December 2018

Pitfall #1: Encouraging Propaganda

Maps are not facts. They are also not objective. Rather, maps are a way of telling a story. Historically, maps have been used as a way to tell fictional stories of land ownership and the need for intervention of allegedly “weak”, “underdeveloped”, or “undemocratic” states. With this history in mind,

Pitfall #2: Claiming Ownership

Maps reinforce ideas about ownership – both over the ideas and the land represented. When settlers were first colonizing the United States, they used cartography and the authority of a written document to justify displacing indigenous people from their lands. When we create maps about others who have less power as a

Pitfall #3: Forming Extractive Relationships

Oftentimes, when academics create maps, we extract information from the communities we attempt to “explain” without ever actually ameliorating the conditions we are allegedly working to fight. As a research process, this is unjust and extractive, especially when we are given large grants to do this work. The more that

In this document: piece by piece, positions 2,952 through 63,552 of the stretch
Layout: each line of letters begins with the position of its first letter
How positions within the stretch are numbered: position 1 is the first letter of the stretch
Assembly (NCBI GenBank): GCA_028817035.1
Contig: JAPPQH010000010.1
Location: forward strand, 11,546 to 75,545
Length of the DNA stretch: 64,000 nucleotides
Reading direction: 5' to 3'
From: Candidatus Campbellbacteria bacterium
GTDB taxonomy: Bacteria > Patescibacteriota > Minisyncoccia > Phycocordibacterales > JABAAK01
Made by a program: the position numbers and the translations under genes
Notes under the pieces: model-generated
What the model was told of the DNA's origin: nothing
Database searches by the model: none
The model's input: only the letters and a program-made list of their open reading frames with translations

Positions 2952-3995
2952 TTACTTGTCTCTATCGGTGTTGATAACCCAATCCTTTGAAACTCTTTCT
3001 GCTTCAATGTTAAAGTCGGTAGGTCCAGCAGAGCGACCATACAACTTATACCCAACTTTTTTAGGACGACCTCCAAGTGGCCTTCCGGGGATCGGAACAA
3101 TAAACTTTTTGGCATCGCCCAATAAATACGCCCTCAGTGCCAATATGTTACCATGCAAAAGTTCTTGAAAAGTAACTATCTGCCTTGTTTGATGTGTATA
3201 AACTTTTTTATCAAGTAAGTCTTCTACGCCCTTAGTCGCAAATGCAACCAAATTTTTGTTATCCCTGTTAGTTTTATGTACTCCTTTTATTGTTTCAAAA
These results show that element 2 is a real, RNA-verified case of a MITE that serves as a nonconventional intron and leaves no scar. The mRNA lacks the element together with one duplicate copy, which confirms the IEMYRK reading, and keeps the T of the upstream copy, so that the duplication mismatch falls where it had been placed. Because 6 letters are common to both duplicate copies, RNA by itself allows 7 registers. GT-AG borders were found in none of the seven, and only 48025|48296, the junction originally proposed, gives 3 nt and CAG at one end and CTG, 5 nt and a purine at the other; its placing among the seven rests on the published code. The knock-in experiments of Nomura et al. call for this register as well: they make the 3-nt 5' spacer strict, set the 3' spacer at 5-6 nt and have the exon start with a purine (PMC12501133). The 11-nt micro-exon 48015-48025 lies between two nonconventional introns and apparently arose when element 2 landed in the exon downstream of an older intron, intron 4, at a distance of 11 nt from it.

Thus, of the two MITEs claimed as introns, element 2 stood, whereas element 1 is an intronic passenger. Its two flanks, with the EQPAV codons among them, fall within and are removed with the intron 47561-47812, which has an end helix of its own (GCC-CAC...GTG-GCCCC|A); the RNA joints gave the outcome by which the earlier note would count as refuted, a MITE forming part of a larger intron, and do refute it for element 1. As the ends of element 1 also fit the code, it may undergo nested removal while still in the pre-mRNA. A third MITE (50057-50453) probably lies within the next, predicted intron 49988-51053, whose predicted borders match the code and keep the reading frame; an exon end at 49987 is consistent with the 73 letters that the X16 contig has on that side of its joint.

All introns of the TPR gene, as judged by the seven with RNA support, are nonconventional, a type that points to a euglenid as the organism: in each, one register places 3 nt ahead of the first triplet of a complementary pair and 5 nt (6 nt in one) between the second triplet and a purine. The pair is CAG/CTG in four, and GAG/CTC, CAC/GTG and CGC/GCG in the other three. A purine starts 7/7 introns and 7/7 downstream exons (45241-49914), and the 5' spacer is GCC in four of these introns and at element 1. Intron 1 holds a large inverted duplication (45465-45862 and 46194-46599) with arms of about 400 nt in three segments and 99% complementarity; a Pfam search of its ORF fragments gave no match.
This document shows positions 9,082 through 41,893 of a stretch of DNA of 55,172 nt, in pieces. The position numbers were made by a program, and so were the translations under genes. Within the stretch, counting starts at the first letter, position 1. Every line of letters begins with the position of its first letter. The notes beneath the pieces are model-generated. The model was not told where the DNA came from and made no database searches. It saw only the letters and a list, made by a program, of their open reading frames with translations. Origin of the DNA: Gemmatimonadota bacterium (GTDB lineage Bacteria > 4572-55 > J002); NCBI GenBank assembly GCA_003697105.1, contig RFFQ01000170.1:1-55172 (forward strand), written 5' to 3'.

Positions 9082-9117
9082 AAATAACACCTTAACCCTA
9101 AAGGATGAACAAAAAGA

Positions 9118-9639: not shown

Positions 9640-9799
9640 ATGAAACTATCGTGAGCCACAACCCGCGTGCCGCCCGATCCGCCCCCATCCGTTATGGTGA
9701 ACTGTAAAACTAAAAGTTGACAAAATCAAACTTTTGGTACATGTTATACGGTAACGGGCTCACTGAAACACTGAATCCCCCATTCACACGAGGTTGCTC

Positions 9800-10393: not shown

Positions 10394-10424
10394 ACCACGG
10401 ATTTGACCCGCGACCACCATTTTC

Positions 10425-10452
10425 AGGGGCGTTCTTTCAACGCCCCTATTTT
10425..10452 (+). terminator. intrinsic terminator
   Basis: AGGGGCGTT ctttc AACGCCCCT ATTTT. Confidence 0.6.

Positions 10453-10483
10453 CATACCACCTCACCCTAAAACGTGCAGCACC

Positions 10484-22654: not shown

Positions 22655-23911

Pitfall #4: Normalizing Surveillance

Ultimately, when you’re pitching for that next social justice mapping project, think to yourself: whose interest is this map serving? Am I just doing a project because I want to do something “good”, but really normalizing the processes of extraction (see last blog post) and surveillance? Scholars Evelyn Nakano Glenn

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